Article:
But each election, the influence grows, and when the margin of victory is slim, that growth matters all the more. Incidentally, currently 27% of our local (and very large) public school system is Latino. Charlotte is changing.

Update (2/7/20)

My dad read this and went into the American Community Survey to dig a little more and the results tell a rather different story.

Hispanics are 12.9% of the total county population
Hispanics are 10.8% of the 18+ population
Hispanics are 5.2% of the 18+ citizen population—those who could be voters

What this means is that Latinos constitute 5.2% of the total voting-eligible population, and 4.7% of all registered voters. In short, they are close to being proportional, not to the total population but to those can vote.


Wednesday, February 05, 2020

Guaidó and Trump

There was plenty of speculation about Trump State of the Union address and Venezuela. Would Juan Guaidó be there? Would any new policy be announced? There was doubt because Trump was not far from Guaidó in Florida, but golfed rather than meet him. Ultimately the answer was yes and no, which has been Trump's basic strategy for a while now. Here is the relevant part of the speech:

We are supporting the hopes of Cubans, Nicaraguans, and Venezuelans to restore democracy. The United States is leading a 59-nation diplomatic coalition against the socialist dictator of Venezuela, Nicolas Maduro.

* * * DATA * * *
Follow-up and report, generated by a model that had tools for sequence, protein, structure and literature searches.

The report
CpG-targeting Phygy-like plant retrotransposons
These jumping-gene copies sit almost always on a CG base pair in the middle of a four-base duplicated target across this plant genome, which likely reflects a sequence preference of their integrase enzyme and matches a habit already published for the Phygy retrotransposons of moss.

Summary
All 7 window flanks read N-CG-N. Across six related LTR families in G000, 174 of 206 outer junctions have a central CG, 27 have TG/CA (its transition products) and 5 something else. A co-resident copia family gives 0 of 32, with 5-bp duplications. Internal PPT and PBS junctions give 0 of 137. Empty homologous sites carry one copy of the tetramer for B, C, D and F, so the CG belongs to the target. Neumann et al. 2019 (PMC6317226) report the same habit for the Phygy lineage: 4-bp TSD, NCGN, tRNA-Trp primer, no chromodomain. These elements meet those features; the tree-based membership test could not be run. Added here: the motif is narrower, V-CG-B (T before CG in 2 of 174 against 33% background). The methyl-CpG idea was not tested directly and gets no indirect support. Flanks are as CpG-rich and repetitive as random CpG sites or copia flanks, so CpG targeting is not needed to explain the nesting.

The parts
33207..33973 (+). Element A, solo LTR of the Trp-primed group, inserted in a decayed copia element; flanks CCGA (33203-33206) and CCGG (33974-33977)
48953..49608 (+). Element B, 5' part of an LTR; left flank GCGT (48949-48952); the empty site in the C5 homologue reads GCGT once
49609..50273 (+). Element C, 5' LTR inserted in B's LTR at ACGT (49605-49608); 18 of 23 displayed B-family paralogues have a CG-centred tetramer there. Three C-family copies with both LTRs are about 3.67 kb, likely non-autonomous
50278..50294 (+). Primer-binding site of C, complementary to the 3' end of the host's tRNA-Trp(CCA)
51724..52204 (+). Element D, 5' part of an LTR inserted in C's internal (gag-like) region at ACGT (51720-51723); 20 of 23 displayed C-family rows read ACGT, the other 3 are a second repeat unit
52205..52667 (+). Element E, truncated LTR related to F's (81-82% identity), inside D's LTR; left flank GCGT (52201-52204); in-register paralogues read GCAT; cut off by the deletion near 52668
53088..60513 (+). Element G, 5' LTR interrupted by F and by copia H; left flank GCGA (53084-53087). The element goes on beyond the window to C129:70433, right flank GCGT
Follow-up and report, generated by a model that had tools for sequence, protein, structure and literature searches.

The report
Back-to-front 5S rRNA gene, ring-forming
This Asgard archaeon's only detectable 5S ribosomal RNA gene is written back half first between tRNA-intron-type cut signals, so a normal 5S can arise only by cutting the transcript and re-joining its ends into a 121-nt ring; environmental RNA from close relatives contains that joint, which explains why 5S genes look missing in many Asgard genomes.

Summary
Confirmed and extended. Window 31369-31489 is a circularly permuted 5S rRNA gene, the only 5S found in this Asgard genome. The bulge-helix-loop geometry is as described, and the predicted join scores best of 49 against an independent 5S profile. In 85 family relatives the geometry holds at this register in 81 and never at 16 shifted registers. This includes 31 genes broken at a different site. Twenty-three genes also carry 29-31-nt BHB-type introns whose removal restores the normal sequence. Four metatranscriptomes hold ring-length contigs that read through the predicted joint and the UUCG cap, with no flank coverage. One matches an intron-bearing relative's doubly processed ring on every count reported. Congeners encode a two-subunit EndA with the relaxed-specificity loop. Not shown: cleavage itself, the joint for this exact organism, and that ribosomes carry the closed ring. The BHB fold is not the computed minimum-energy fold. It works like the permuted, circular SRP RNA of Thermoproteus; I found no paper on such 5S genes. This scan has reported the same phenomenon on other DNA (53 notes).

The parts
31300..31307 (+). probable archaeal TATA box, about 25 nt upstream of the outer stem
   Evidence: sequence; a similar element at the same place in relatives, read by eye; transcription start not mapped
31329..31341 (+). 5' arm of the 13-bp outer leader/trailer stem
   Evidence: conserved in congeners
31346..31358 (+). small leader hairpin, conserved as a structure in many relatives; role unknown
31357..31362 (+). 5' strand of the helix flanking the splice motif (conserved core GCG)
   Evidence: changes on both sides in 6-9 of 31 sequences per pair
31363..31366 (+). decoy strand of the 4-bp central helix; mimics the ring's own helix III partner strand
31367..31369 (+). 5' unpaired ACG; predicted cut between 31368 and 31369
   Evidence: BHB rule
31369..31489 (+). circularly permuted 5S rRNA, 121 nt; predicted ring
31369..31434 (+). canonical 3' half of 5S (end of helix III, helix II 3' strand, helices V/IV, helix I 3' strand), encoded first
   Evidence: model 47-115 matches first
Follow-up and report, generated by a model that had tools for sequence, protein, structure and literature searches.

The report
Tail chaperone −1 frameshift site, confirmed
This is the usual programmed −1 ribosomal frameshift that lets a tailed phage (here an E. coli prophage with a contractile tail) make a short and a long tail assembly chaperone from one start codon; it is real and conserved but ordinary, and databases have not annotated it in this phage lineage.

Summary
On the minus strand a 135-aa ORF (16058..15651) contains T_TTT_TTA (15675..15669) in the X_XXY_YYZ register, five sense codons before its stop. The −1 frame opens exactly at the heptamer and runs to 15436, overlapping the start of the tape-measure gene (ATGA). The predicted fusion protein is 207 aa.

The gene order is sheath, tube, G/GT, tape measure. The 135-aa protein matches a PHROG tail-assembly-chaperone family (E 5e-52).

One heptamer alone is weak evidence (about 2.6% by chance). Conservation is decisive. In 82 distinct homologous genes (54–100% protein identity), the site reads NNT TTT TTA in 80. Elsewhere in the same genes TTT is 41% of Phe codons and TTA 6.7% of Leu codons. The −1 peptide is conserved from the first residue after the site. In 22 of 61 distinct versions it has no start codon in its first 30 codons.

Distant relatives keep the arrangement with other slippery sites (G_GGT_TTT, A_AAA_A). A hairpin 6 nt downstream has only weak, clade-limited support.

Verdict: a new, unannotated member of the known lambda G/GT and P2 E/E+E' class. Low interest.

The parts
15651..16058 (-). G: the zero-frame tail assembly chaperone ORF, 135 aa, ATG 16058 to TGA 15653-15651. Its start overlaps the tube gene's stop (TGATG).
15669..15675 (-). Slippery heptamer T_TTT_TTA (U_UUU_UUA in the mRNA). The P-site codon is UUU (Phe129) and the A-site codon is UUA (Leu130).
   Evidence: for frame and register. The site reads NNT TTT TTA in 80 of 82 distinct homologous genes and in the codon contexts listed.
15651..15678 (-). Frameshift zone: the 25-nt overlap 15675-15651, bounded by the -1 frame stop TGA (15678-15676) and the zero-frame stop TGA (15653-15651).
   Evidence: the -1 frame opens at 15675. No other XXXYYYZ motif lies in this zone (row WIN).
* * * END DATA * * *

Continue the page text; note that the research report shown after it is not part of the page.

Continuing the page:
Maduro is an illegitimate ruler, a tyrant who brutalizes his people. But Maduro's grip on tyranny will be smashed and broken. Here this evening is a very brave man who carries with him the hopes, dreams, and aspirations of all Venezuelans. 
Joining us in the gallery is the true and legitimate president of Venezuela, Juan Guaido. 
Mr. President, please take this message back to your homeland. 
Thank you, Mr. President. Great honor. Thank you very much. 
Please take this message back that all Americans are united with the Venezuelan people in their righteous struggle for freedom. Thank you very much, Mr. President.

I have two main impressions at this point, and of course with Trump everything might be thrown out the window tomorrow. But here they are.

First, I increasingly think Trump sees Guaidó as ineffective--a loser--because he got nothing accomplished in 2019. Maduro is stronger than ever. Therefore I think the Florida snub was exactly that. No one knew until the end that Guaidó would be at the SOTU, since the only announcement was about former police chief Ivan Simonovis. I have to wonder whether Marco Rubio and Rick Scott whined, complained, cajoled, and begged to get Guaidó there too. At this point, Trump doesn't give a crap about Guaidó or Venezuela. It was supposed to be an easy win and now it's hard, so he moves on.

Second, like I've argued before, at this point Trump has no obvious reason to do anything with Venezuela except sanctions. Military action is already ruled out. Temporary Protected Status is anathema to his base and to Stephen Miller, who hovers at all times like a specter in the background. By just periodically saying tough things and imposing risk-free sanctions, he got Rubio on his side for impeachment. And letting Guaidó come to the SOTU might just be all he needs for Florida hardliners to stick with him. Even NPR lauds it as bipartisan. Trump wins all the way around.

Update: Trump will meet with Guaidó later today.